So what is the Kalukanda House way to travel in 2020? Well, in a new decade full of promise and empty diary pages, we are turning our attention to the past, as well as the present and the future. Our blog pages are resurrected after a few quiet months while we hosted guests, looked at our own calendar of events and made a few exciting decisions – more of that in coming blogs.
To kick off the decade I want to talk about a different Sri Lanka to the one you may have heard about. One that is sexy, sporty and quirky too. So my first post in 2020 is an ode to a few of the things you may not know about Sri Lanka that might make you raise a single eyebrow to an impressive height (just one of my skills). I want to share with anybody who will listen that Sri Lanka is more than elephants, monkeys, tropical birds, jungle, temples, tea, beaches, smiling hospitality and history. All of that is at the very heart of this little teardrop island and is part and parcel of the amazing sensory experiences you will have – of course! – we wouldn’t want to disappoint.
Remember travel the way it used to be? It is now called “experiential travel”…but what does that mean to you? It was something that was just a given when I was at Uni, and an expectation of a brilliant inter-rail trip through Europe. My good friend and I set off with equally weighted backpacks, which I surreptitiously re-assigned as the trip wore on.
Of course as a student in the 80’s there was no such thing as a company that actually organised gap years for us, no mobile phones, visa cards aren’t what they are today…it was a different time…we lived every moment, instagram didn’t exist.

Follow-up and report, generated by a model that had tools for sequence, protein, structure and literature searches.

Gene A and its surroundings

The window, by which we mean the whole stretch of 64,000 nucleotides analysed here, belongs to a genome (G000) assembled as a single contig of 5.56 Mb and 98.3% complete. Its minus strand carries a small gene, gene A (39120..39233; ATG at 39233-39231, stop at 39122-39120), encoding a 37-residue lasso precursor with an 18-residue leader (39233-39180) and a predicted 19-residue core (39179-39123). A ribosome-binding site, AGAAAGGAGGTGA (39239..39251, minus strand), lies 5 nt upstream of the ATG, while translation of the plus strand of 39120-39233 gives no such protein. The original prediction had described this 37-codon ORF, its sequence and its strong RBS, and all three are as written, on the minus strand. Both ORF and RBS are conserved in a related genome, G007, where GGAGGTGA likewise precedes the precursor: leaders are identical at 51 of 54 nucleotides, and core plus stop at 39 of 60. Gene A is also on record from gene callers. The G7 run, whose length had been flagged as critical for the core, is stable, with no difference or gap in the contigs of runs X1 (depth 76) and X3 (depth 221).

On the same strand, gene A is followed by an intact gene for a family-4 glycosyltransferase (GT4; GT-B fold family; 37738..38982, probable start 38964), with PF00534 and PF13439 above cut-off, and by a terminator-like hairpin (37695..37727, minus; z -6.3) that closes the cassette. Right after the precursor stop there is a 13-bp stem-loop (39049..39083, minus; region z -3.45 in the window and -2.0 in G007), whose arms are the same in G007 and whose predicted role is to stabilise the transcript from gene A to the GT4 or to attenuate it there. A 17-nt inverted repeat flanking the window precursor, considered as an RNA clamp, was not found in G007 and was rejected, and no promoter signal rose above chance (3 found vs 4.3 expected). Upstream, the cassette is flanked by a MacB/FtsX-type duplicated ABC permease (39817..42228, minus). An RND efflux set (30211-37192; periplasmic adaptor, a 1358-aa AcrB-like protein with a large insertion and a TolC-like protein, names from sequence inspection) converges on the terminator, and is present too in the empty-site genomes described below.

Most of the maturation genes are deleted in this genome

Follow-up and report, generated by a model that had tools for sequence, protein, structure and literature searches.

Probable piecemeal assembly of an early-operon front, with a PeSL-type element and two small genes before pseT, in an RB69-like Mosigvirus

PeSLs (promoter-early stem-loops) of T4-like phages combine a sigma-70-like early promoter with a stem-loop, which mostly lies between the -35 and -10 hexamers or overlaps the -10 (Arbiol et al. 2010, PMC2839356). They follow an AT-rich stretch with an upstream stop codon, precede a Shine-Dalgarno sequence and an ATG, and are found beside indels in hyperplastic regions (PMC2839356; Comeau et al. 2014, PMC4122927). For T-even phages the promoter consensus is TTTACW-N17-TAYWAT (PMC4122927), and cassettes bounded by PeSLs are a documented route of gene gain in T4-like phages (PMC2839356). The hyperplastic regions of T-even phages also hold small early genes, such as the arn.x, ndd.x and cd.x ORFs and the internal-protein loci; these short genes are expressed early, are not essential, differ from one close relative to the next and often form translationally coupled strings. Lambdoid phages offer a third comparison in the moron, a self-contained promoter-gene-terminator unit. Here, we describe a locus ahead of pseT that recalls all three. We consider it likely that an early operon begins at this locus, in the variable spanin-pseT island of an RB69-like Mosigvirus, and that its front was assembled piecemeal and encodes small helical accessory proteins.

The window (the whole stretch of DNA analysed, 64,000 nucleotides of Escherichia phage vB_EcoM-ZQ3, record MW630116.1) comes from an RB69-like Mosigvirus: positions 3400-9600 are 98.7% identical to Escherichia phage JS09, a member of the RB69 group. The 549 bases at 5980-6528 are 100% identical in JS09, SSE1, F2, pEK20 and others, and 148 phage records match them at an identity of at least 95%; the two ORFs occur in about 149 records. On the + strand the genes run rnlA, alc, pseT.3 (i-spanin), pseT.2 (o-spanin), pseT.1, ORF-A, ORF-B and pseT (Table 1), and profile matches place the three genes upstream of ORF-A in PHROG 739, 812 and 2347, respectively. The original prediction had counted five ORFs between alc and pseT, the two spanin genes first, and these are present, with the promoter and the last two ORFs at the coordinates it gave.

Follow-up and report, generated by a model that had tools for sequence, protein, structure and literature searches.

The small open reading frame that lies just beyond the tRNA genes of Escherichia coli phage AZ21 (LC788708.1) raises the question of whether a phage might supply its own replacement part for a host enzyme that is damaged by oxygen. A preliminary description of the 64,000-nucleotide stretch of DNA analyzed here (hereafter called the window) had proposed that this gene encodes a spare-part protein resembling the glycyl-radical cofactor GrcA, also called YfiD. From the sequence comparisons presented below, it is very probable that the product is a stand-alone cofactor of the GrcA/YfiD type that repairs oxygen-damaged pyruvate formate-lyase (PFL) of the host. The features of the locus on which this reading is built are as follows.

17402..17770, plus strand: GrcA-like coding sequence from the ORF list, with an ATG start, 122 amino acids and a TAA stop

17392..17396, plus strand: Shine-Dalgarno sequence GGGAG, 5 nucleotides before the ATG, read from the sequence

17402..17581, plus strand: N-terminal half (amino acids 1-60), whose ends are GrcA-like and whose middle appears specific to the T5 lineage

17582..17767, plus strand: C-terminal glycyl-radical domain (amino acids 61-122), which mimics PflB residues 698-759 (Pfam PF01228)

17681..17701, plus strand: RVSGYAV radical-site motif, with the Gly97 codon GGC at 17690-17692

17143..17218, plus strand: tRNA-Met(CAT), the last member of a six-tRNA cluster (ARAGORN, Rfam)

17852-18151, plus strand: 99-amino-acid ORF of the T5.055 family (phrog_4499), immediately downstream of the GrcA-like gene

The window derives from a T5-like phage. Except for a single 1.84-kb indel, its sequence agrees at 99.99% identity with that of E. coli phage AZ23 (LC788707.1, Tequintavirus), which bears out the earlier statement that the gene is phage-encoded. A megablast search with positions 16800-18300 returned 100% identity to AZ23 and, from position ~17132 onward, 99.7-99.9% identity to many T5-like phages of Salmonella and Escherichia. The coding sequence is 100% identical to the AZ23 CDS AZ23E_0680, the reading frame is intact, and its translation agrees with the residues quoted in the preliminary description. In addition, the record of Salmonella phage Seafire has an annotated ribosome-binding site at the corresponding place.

We talked to soldiers on the train in former Yugoslavia just before the war broke out, we got caught in Greece during the general strike and almost missed the start of term, we overslept on a ferry from Thessaloniki to…somehere…and ended up in Santorini (before it was discovered and became achingly cool). We walked and talked to locals and ate in little out of the way places, slept on platforms, campsites and trains and the entire trip was an eye opener from start to finish.
In those days in much of Europe, not many people had seen a Sri Lankan person. I got stared at – ALOT. At first it bugged me, but then I realised it was just friendly curiosity …so I started inanely grinning at people and waving and saying hello – I met alot more people that way, because they did it right back!
But all my friend and I actually did was rub shoulders with the natives of each land and talk to them; it seems like that was easier to do that back then. Now we seem to hide behind our camera phones or just snap a moment for posterity on the gram without truly engaging.
“Not all those who wander are lost” ~ J.R.R. TOLKIEN
Don’t get me wrong, these days I am all about deeply comfortable beds, hot powerful showers, gorgeous scented toiletries, fluffy white towels and delicious food and scenery – just a few basics that are standard at Kalukanda House. HOWEVER, in amongst all of that, I think the magic of a holiday is those surprising moments of interaction with other cultures. The challenge of communicating in different languages, the heartfelt way of touching another person’s life and our own, merely by making eye contact and smiling. Building relationships and not only taking away memories, but leaving some behind. It is our social footprint and our legacy…
So what about Sri Lanka in 2020? Here are a few examples of the other side of life… this year, Red Bull are hosting (again) another Tuk Tuk Raleigh where teams of 3 drive off-road on challenging terrain finishing in the beautiful city of Dambulla which is part of the Cultural Triangle.